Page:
The Gender Agenda
The Gender Agenda: Gender Differences in Australian Higher Education (Olsen, 2013). A link to the article can be found here.
This paper examines the inequalities between male and female educational experiences in Australia. The paper brings up statistics saying that more girls engage in higher education than boys, and furthermore, that the completion rates in universities are higher for women than men.
Even in the Indigenous sphere, statistics demonstrate that women outperform men. Women are also more likely to study in exchange programs overseas. This inequality, Olsen states, is drastic and needs to be bridged. However, once we consider the various contextual factors such as career choice, career opportunities, and the fact that the disparities are not to do with pedagogical techniques, Olsen’s claims become misleading.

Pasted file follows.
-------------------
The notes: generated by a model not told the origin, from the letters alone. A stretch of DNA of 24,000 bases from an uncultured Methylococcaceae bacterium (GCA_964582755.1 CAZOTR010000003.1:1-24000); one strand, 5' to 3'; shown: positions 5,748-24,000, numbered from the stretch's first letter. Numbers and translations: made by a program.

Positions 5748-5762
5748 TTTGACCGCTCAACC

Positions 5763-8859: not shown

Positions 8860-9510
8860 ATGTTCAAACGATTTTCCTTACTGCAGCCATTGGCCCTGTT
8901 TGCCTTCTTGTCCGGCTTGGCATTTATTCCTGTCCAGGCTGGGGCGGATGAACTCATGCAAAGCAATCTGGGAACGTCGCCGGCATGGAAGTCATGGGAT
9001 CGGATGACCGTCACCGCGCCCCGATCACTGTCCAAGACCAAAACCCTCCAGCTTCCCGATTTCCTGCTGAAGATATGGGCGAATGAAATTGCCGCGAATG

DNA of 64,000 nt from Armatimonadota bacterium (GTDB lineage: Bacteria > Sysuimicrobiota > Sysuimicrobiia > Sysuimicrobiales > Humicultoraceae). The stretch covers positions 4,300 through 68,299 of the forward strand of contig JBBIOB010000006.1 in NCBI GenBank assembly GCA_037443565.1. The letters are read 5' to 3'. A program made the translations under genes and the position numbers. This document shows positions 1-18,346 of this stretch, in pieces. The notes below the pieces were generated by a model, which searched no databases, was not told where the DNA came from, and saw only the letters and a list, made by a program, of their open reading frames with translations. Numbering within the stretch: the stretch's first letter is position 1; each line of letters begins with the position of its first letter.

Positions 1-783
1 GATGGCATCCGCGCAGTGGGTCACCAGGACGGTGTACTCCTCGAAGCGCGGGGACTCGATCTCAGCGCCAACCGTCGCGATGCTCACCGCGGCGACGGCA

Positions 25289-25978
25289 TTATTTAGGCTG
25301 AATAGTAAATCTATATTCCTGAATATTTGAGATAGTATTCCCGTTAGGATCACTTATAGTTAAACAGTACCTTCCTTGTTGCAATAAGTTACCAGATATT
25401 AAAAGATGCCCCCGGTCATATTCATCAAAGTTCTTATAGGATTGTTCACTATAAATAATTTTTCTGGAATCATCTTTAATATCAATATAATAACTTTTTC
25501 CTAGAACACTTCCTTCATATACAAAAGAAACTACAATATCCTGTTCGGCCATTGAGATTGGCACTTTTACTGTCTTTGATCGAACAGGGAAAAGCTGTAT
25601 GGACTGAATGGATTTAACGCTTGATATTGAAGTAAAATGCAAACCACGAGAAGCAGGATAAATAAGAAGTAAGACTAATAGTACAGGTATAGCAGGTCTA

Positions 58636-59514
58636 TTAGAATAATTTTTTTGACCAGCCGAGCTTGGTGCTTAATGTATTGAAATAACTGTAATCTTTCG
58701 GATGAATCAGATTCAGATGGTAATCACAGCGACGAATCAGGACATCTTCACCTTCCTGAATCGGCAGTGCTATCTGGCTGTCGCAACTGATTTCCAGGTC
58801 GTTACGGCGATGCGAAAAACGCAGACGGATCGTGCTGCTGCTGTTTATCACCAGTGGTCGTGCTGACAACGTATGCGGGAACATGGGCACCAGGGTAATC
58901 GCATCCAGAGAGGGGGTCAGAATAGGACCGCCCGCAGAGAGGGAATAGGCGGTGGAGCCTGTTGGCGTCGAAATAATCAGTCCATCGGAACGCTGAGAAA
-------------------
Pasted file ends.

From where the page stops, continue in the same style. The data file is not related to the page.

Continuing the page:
The school-leaving careers for men outnumber the opportunities for women early school leavers, thereby accounting for a disparity in tertiary education participation. While Olsen’s claims may need to be understood relative to a context, the idea that education needs to tailor for both sexes is an important one.
Gender in the classroom is an extremely important factor which dictates teachers’ pedagogical and content approaches, especially in the area of social justice. An example of this is the issue of sexism. How does a teacher communicate the idea of sexism to students of different gender demographics?
The truth is, that as much as we’d like to talk about classrooms being gender neutral, this is not conducive to learning about certain content. Part of being a teacher is being aware of group demographics.
For teaching girls about the issue of sexism, for example, it is more a process of verbalising the awareness that probably already exists. For teaching sexism to a group of boys, it’s about making them aware of potentially damaging behaviours towards women.
It’s a process of differentiation, and if we teach girls how we teach boys, or vice versa, we’re inevitably going to see the disparities which Olsen mentions in the article.
What do you think about gender education in Australia? Leave your comments below.